Ftag of the Week – F688 Increase/Prevent Decrease in ROM/Mobility (Pt. 3)

In Part 3 of our CMSCG “Ftag of the Week” blog series for F688 ROM/Mobility, we’ll close out our review of these regulatory requirements by looking at a key area – care planning. Then, CMSCG President Linda Elizaitis and CMSCG Clinical Consultant Mary Quinn will share some important compliance tips and reminders for F688.

Care Planning for Range of Motion and/ or Mobility

At the crux of the regulatory guidance under F688 for care planning is a long statement that includes a ton of components that are based on the comprehensive assessment. The assessment needs to identify the resident’s current ROM and mobility capability status in order to develop individualized interventions. The resident’s cognitive ability also needs to be assessed in order to determine the resident’s ability to independently participate, or to follow treatment instructions.

The care plan must include:

  • specific interventions, exercises and/or therapy to maintain/improve ROM and/or mobility or to prevent, to the extent possible, decline/ further decline in the resident’s ROM or mobility.
  • Provision of any needed equipment and/or services
  • Use of equipment as ordered by the physician (as allowed by state law)
  • Type of treatments, frequency and duration
  • Measurable objectives which describe what the resident is expected to achieve within a specific timeframe
  • Resident goals
  • Presence of any contractures and necessary interventions
  • Any dependence and/or decline in mobility and/or ROM
  • Resident-specific risks for complications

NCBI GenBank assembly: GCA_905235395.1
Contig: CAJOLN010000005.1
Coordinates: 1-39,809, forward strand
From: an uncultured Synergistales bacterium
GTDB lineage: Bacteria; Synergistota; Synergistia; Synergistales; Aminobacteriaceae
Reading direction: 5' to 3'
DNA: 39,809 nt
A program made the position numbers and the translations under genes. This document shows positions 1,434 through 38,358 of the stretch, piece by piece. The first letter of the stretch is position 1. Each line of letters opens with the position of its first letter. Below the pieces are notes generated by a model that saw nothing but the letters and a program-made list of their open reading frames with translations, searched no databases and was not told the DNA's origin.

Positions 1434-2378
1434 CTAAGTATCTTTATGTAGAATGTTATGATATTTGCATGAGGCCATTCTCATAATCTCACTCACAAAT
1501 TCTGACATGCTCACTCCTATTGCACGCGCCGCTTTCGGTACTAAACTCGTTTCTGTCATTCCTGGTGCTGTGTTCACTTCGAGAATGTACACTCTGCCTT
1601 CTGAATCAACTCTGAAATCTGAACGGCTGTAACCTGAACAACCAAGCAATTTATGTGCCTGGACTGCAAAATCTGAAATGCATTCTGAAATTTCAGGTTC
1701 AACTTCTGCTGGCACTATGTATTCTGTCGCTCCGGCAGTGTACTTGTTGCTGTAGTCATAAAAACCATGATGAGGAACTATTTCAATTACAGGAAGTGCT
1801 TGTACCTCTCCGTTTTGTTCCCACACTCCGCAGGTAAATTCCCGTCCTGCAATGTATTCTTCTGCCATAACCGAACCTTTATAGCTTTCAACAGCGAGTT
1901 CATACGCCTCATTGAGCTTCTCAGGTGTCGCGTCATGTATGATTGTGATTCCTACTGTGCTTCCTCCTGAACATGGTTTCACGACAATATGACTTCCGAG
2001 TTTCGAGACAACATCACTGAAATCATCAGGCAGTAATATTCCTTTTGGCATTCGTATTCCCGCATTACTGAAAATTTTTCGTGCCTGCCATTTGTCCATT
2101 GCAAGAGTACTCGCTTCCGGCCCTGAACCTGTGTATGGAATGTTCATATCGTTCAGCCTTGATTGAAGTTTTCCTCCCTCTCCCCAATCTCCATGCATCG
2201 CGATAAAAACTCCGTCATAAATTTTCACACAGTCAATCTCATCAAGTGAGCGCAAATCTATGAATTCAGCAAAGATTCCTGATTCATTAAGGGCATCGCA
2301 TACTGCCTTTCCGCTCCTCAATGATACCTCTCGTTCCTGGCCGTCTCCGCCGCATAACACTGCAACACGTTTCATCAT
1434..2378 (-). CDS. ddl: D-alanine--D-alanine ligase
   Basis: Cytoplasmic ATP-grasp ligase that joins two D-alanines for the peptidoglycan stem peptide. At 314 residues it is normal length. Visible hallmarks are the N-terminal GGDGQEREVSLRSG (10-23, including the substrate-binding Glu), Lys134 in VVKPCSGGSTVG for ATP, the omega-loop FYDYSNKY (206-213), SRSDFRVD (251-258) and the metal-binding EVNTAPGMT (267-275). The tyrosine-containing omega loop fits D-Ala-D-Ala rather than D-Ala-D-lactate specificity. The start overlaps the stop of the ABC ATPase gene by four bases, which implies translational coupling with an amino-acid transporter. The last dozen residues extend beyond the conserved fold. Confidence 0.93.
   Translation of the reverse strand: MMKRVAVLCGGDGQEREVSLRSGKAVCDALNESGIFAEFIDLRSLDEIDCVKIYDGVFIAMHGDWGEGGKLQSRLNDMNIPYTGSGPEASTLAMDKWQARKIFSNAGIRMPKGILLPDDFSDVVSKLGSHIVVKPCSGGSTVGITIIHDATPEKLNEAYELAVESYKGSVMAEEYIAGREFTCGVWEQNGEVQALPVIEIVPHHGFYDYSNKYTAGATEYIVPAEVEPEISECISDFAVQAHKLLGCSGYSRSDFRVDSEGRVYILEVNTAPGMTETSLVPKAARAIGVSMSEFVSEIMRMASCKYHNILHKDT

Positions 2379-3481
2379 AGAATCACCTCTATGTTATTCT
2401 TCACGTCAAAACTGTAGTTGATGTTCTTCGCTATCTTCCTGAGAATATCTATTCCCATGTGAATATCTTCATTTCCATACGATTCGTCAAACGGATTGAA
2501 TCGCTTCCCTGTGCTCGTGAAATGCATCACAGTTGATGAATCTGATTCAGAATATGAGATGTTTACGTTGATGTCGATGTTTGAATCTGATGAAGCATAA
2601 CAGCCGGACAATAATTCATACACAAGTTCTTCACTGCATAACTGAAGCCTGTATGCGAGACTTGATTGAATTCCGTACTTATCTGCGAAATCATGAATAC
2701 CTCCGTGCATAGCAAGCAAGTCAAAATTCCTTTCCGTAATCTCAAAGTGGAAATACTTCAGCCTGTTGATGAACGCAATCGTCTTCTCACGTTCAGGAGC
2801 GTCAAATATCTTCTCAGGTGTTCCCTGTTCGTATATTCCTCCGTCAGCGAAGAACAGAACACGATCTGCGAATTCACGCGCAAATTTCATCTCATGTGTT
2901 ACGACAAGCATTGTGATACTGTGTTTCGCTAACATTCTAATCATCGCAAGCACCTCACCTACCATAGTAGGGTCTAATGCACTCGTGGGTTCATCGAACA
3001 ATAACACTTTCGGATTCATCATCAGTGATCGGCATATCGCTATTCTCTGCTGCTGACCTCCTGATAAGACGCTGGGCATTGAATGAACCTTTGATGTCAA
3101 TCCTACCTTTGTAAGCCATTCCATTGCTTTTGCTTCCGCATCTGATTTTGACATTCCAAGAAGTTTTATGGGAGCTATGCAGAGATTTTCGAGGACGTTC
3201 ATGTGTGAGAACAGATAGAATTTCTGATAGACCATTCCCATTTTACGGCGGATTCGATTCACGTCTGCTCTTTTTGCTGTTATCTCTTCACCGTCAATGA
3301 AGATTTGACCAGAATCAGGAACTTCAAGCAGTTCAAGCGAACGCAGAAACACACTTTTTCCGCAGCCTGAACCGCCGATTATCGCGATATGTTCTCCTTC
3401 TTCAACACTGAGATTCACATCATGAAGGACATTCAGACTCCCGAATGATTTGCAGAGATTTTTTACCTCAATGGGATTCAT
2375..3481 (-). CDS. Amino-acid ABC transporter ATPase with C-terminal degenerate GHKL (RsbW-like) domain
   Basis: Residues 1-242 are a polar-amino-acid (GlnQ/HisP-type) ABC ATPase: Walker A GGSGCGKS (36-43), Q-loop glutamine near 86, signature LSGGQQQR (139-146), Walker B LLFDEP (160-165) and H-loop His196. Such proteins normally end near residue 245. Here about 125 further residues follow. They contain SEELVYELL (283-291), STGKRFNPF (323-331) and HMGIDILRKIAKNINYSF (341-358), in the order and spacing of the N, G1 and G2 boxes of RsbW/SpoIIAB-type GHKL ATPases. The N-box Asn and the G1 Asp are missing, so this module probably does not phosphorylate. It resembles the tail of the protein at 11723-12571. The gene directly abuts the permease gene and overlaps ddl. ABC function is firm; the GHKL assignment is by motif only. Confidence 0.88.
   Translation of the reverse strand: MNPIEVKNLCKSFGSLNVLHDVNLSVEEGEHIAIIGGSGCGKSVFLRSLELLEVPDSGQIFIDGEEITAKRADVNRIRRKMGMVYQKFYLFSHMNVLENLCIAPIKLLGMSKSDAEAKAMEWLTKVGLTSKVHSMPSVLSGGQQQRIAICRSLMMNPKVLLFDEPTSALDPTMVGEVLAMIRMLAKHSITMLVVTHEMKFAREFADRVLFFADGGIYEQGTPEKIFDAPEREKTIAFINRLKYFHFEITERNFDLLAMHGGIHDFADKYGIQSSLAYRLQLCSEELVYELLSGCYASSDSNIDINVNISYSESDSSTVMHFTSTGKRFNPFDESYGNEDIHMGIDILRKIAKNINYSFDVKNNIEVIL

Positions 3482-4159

• Interventions to mitigate potential complications, to the extent possible
  • If complications related to a decrease in ROM and/or mobility are current present, interventions to address these complications must be addressed

Another important consideration for the care plan is that there is ongoing, documented evidence that the IDT has attempted to implement the plan of care and revised interventions to address the changing needs of the resident. The regulation recognizes that a decline or reduction in ROM or mobility may occur even though there is ongoing assessment, appropriate care planning and the resident is being provided with ongoing preventative care and interventions.

Things to Think About

The care plan must identify the type of treatments, frequency, and duration, as well as the measurable objectives and resident goals.

Mary Quinn

So – the resident is assessed, and the resident’s individualized care plan includes ROM exercises/use of splinting devices as interventions. You may still be at risk of possible citations. Here’s why, per Mary Quinn, CMSCG Clinical Consultant:

  • ROM directives not clear – doesn’t address type (AROM/PROM- BID- # of reps)
  • Resident refusals – no documentation of MD notification/education risks/benefits- offering of alternative
  • Pain not effectively managed so that the resident is able to participate in the ROM/ambulation program or wear an adaptive device as ordered.
  • Hand contractures – are resident nails trimmed to prevent pressure/potential issues with skin integrity?
  • Device use is not addressed as a potential risk factor for skin impairment
  • Skin impairment from a device
  • Device is present/worn but soiled or in poor repair – what is the plan for maintenance or replacement?
  • Device is not worn per plan of care – communicated on assignment? Wearing schedule clear?
  • Device is not available – lost/thrown away?
  • Device not applied properly – staff ed/competency?
  • Omissions of documentation

There’s also some things to think about during survey and how you can prevent potential citations, per CMSCG President Linda Elizaitis:

It is not that difficult for a surveyor to identify issues that could potentially result in a citation without even looking at the MDS, care plan or medical orders initially. Think about how easy it is to walk down the hall and see a resident with their hands fisted or with bilateral foot drop. Such observations open the door for a review that may result in findings that you will not be happy with. Consider quarterly Rehab Rounds and ensure that the Nursing staff understands their responsibility to report resident refusals to wear an adaptive device or participate in an ambulation program.

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